So here we go again, new group new faces to teach, more band aids to apply and new minds to inspire. I already feel good about this group they seem excited and receptive, of course it is the first day and true personalities don’t always come out until later in the program.
The first day at Cook Street is about getting the students oriented and comfortable with their new environment. After each instructor gave their intro and their share of orientation spiel, chef Dale took them through basic knife skills and terminology. Mirepoix, Julienne, brunoise, concassée, Etuvé, emincé and persillade.
Meanwhile I am working on putting together the main meal for the day in partnership chef Lexie.
The garde manger students set the table and my students on hot line helped me plate the food.
We had Turin, which I found out from Larousse gastronomique is an onion soup that originated in the SW of France and could also be known as the Turin des Mariés as it was often brought to the wedding reception and enjoyed as the last dish before parting early in the morning. French wedding receptions can easily last until six am and this soup should sober everyone up before they hit the road unless of course you pour a glass of red wine in it as it suggested was sometime the custom. We garnished this version with a quenelle of goat cheese parsley compound butter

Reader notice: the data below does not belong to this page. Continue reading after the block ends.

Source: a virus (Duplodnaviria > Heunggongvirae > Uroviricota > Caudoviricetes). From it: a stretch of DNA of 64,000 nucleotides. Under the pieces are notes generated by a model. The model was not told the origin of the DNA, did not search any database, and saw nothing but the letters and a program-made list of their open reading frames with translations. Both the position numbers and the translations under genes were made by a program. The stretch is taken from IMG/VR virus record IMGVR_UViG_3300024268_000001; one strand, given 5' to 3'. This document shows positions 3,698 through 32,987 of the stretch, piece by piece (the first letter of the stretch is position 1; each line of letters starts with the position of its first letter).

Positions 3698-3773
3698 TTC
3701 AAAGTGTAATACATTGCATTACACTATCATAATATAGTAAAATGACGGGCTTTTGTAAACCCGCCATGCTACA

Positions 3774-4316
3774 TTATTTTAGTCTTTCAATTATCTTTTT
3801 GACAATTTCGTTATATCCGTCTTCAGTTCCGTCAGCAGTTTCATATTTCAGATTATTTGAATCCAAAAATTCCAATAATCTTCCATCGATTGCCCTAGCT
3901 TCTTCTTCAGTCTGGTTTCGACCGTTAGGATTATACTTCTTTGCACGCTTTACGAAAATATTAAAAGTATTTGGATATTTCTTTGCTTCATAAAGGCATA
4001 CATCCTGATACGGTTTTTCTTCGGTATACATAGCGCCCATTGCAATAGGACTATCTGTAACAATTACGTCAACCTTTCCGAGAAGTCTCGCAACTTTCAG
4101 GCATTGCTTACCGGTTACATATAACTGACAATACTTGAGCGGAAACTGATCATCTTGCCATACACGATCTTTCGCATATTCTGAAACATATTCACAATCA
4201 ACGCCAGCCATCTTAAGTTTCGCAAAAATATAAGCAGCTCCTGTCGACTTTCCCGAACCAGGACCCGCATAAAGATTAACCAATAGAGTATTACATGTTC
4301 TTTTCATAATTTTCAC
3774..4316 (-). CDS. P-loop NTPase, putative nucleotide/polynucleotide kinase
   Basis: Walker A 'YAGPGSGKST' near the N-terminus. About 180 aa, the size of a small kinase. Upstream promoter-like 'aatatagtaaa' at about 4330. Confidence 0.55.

For the main course we had Quiche Lorraine. A classic that many men still eat. Lorraine is the region between Champagne and Alsace and is known for its pork products. This quiche was perfectly baked and filled. So many overcook their quiches and fill them beyond capacity with everything that they can fit into them.
A true quiche should make the custard the star, the ingredients the supporting cast and the crust the stage. Chef Lexie did a great job on this tireless classic. Both of these courses were paired with a nice and fruity proseco.
She also made a gianduja mousse which was quite delightful, of course I forgot to take a picture.